Senators Gregory, Whitmer and Anderson, under their constitutional right of protest (Art. 4, Sec. 18), protested against
the passage of Senate Bill No. 172.
Senator Gregory moved that the statement he made during the discussion of the bill be printed as his reasons for voting
The motion prevailed.
Senator Gregory’s statement, in which Senators Whitmer and Anderson concurred, is as follows:
As a minority representative on this committee, I rise today to express my opposition to this legislation. Protecting the
public health of our citizens is one of the critical services our government provides. Unfortunately, instead of making the
level of service we provide toward that effort, our priority in this budget, we instead made it another piece of a political
shell game being played to justify the massive corporate tax giveaway this overall budget plan provides.
Make no mistake, the cuts being included in this bill, including gutting the Healthy Michigan Fund and reducing
graduate medical education and the Michigan Quality Community Care Council to $100 placeholders, are disappointing.
But when we realize that these are symptoms of that much larger problem, I simply cannot support this budget.
I hear the Governor and my colleagues across the aisle call these cuts shared sacrifice. To that, I ask what is your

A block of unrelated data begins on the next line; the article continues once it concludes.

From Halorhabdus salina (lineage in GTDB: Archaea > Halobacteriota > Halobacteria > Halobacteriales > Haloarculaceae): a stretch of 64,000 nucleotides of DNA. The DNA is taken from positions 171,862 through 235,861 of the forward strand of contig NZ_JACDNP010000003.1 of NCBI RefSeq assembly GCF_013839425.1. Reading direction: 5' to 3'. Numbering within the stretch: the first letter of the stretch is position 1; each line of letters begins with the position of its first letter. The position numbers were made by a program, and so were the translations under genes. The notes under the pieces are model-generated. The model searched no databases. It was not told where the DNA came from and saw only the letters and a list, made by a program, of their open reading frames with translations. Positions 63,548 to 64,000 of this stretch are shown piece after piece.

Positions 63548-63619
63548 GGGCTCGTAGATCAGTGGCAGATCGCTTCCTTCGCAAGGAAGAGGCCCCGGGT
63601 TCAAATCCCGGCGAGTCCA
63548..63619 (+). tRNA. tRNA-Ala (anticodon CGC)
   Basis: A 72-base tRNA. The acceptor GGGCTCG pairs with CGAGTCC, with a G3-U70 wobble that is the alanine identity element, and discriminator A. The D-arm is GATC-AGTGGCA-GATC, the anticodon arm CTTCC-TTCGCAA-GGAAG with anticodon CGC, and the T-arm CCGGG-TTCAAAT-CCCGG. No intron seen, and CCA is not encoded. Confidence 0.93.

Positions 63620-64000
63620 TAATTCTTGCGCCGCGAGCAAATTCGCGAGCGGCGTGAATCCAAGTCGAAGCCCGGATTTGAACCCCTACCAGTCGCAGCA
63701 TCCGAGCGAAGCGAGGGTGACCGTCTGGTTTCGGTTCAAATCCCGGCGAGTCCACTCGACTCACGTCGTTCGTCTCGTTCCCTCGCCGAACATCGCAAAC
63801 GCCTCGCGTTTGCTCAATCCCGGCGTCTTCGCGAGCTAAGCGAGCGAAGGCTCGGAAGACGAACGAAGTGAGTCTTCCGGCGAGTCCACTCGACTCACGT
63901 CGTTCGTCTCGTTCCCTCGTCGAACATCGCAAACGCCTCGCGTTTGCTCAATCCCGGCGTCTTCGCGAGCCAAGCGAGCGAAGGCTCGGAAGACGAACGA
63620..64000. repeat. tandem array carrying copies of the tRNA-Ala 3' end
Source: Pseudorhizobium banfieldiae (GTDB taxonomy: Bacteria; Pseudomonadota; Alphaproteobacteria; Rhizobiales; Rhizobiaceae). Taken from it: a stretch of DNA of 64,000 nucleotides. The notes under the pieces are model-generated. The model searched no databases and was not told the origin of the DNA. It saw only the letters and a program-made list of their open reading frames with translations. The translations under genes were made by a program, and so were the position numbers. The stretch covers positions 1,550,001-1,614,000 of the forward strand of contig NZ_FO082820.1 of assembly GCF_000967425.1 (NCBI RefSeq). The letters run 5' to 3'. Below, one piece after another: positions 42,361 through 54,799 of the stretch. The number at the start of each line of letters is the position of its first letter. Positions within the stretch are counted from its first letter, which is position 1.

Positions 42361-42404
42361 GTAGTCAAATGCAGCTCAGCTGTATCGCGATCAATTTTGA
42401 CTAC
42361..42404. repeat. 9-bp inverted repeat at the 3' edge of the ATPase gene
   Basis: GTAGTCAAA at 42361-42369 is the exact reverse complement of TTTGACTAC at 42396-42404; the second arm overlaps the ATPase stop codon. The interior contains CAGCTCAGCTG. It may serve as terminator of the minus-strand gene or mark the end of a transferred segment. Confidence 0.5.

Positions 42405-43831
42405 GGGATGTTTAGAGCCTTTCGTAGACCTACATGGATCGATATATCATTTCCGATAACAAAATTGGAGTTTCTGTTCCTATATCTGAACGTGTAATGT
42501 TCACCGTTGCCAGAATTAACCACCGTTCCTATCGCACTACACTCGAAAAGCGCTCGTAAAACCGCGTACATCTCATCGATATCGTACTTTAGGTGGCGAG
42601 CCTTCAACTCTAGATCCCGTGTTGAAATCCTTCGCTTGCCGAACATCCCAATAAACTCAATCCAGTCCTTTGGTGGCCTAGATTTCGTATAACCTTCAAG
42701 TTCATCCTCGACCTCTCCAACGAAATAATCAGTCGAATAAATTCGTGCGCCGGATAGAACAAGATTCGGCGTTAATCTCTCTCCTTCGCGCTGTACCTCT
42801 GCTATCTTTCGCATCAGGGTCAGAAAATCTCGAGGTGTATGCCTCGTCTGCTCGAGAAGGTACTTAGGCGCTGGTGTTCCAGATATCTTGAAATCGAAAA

definition of sacrifice? From what I see, we are asking working families to sacrifice, we are asking seniors to sacrifice,
and we are certainly asking our schoolchildren to sacrifice. Yet, while we ask for these sacrifices, big corporations only
reap the rewards of the $1.8 billion tax giveaway that compounds our budget problem and forces cuts to needed programs,
such as the ones in the Department of Community Health we are discussing in this bill. That isn’t shared sacrifice. It isn’t
right, and it isn’t what the people of Michigan sent us here to Lansing to do.
To my colleagues across the aisle, I say we have actually listened to the voters across our state, and we have news for
you. Yes we all know times are tough, and yes, we are all prepared to chip in if it truly means shared sacrifice. But we
are not willing to raise pension taxes, slash education, and cut vital health programs to pay for a $2 billion tax cut for
businesses. I will be voting “no” on this bill and encourage my colleagues to do so.